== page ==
Subject: I have found a DVD that I think you would enjoy
|Henry Jaglom's Eating - A Very Serious Comedy About Women and Food|
Actors: Frances Bergen, Lisa Blake Richards, Nelly Alard, Mary Crosby, Gwen Welles
Director: Henry Jaglom
Genres: Comedy, Drama
From Henry Jaglom (Going Shopping, Last Summer in the Hamptons), recognized by the Los Angeles Times as "the definitive independent, one of America?s most important filmmakers," comes a sophisticated modern comedy about wo... more »
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Don't offer these women a cherry pie!
Peter Shelley | Sydney, New South Wales Australia | 10/27/2000
(4 out of 5 stars)
"One has to wonder about Henry Jaglom's mother, when he dedicates a film about women suffering from eating disorders to her. This is one of Jaglom's more successful efforts since there is some dramatic conflict amongst the cinema verite talkfest that is his trademark. One might even mistake this film as a documentary with all the to-the-camera discourse. Otherwise his camera is thankfully still, aided by the excuse of a Frenchwoman making a documentary at an exclusively female (and enormously populated) birthday party. Maybe it's a very "L.A." thing but it's shocking how so many beautiful women have food issues, and the association they make with food and sex, and food and love, makes for a compelling (for Jaglom) social study. He begins uncertainly, as the women gather. Jaglom gets a little carried away with cross-cutting, and there is a definite lesbian subtext which turns out to be misleading. But as the film develops our initial judgment of the women presented, as shallow and stupid gives way to depths of feeling and marvel at the openness and emotional accessibility of the female species. As the eldest of the group and the mother of Helene (Lisa Richards), who resides in the house where the celebrations occur, Frances Bergen represents the voice of reason and the sounding board for the confessions. Jaglom cleverly maintains our empathy for her, aided by Bergen's wonderful naturalness, even when her reaction to news of an infidelity defines the survival strategies of women of her generation. In spite of the heaviness of the subject, there is much humour to be found, partly from the women's own insight into their behaviour, and also from the idea of having Helene seek out the mistress under the guise of mingling. Richards' performance improves considerably after she stops pecking. As her predatory best friend, Gwen Welles adds some amusing spite to the proceedings. Her demonstration of the use of a present of anger-releasing padded poles gets a big laugh. It's no surprise to learn of Welles' bulimia since she looks anorexic, and she is about the only one who doesn't seem to think they are "fat". When the birthday cake is cut, no-one wants to eat it. Since the cast is so large some actors get lost in the mosaic, but mention should be made of Toni Basil in Carmen Miranda get-up as an actress quitting her agent ("If Michael Jackson can fire his father ..."); Aloma Ichinose who has a great riff about smoking; and Mary Crosby looking like a fawn and being very I-shot-JR in a bathroom confrontation. I particularly liked the line "I'm looking for a man who can excite me as much as a baked potato"."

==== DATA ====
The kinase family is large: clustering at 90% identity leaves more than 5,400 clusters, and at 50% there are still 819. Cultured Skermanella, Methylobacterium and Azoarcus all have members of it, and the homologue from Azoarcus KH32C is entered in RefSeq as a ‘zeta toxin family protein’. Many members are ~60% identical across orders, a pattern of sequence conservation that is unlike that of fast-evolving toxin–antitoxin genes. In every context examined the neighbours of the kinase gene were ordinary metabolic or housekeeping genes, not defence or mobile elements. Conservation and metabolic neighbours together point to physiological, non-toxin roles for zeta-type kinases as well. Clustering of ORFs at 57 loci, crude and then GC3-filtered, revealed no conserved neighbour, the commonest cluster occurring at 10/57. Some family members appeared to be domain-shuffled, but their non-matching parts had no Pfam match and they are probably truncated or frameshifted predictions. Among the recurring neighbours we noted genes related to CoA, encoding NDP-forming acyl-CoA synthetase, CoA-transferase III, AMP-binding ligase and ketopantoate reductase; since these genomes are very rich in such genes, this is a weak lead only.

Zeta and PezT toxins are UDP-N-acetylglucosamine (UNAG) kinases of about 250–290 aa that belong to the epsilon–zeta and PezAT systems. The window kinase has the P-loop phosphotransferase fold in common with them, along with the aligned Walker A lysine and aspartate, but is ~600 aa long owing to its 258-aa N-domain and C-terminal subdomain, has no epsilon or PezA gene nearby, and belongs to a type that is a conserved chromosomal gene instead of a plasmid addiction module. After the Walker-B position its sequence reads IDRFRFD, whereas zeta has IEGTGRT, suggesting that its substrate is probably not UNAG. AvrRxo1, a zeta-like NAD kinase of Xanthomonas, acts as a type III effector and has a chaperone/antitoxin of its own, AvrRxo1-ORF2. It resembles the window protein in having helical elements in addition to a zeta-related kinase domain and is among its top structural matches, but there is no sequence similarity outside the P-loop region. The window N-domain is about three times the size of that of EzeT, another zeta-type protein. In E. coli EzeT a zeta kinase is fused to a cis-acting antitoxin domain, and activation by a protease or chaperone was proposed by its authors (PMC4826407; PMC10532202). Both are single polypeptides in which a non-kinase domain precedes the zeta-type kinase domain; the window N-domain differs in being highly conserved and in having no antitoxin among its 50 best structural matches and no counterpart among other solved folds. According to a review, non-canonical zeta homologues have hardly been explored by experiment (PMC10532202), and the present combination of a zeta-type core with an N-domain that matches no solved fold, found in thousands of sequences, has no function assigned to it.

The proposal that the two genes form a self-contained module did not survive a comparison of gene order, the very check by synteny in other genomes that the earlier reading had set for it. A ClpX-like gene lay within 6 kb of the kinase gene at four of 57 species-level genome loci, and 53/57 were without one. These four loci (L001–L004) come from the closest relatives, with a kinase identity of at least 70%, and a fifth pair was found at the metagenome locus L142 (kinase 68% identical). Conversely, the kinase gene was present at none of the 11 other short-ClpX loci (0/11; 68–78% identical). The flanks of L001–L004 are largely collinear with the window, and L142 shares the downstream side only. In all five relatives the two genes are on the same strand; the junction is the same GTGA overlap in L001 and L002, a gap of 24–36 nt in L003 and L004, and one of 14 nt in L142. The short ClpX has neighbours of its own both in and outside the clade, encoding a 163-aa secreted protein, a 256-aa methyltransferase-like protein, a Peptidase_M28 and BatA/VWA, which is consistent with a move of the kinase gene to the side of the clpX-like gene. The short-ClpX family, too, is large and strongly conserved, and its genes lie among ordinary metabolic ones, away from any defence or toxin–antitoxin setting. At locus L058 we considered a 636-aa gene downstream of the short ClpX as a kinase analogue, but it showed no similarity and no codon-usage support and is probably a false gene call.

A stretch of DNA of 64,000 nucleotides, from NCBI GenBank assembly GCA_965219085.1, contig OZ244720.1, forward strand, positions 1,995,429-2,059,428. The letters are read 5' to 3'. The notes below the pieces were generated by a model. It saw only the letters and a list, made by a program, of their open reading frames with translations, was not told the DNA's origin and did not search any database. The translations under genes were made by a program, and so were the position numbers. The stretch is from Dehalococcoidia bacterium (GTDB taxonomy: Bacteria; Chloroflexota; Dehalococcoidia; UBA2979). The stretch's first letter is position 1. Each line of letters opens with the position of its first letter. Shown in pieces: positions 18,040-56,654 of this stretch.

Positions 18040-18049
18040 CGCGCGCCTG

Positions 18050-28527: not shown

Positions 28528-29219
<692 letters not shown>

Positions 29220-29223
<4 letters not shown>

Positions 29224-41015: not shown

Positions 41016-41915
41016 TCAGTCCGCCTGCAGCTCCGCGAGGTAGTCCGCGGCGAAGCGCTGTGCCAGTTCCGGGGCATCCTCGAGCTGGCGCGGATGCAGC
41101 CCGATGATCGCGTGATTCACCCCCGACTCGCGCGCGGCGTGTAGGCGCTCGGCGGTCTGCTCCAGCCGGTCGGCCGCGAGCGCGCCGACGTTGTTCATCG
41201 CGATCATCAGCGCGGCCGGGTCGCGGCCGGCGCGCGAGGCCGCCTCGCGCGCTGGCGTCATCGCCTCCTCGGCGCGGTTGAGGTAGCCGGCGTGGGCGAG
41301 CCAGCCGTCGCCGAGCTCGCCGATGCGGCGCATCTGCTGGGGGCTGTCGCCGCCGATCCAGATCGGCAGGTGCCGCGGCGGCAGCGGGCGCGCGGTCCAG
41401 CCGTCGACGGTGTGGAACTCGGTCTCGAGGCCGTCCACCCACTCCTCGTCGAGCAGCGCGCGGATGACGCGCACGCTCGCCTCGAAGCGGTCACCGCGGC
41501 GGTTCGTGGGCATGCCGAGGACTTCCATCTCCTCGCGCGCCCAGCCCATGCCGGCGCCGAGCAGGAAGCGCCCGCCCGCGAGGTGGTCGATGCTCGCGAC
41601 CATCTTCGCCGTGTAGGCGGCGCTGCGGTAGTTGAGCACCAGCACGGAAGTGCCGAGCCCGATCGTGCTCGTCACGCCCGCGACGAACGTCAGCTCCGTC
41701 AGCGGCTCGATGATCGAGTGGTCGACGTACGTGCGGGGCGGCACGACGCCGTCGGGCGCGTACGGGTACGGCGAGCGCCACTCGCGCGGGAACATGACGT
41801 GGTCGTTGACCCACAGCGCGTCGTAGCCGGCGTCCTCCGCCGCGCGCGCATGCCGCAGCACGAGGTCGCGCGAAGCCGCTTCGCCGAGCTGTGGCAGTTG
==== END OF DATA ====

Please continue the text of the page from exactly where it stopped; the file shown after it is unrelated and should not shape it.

4 1/2 stars: What Women Think About Food
Renee Thorpe | Karangasem, Bali | 03/05/2001
(4 out of 5 stars)
"This low budget, thoroughly entertaining look at a group of women gathering for a luncheon party is a rare critique of how women have come to be obsessed with food. Quasi-documentary in form, actresses in this film seems to teeter between acting and reality. Certainly many lines are blurred, and the result is fascinating. While something of a "chick flick", men will come away from this film with plenty to think about. Whole film is a real conversation-starter, highly amusing and never gets too heavy. Excellent and very unique in subject matter. Amazing how seldom we see people eating and enjoying their food in movies, yet it is such an important part of our lives. Hollywood sense of beauty is blasted between the lines.Only aspect I objected to was the lack of polish in the production itself. It could have been visually smoother in parts. But Jaglom films always look like this, I suppose. Still a winner."
One of my first independent films which I remember fondly...
Adam | SC | 10/18/2008
(5 out of 5 stars)
"Henry Jaglom's EATING will always have a special place in my heart. I don't know why, it just will. When I was in middle school, I discovered BRAVO, back when they were commerical free, and televised uncut films. I discovered many foreign and independent films that summer, including SWEPT AWAY (the original, not the Guy Ritchie disaster), LIKE WATER FOR CHOCOLATE, BARTON FINK, and last, but not least, EATING.
I have to say that I was impressed. I had never seen anything quite like it before. Before BRAVO, my intake of cinema consisted mainly of Blockbuster films and crappy teen flicks - this was before I discovered John Hughes. However, I have loved film since I sprang forth from the womb, so I had always been open to different kinds of film. I was probably the only kid in middle school who really wanted to see THE ENGLISH PATIENT, but was too young to get in. I'm rambling.
I loved Henry Jaglom's style. The random converstation, the lack of a plot, narrative, whatever was typical in Hollywood fare. It may not be one of the best films ever made. You'd probably have to be in a special sort of mood to watch a bunch of middle aged women talk for two hours about food. However, it helped me to broaden my horizons as far as film goes, and for that, it gets five stars.
I haven't seen it in years, so I'm sorry if this review wasn't that informative. I just bought it from Amazon.
Looking forward to watching it again."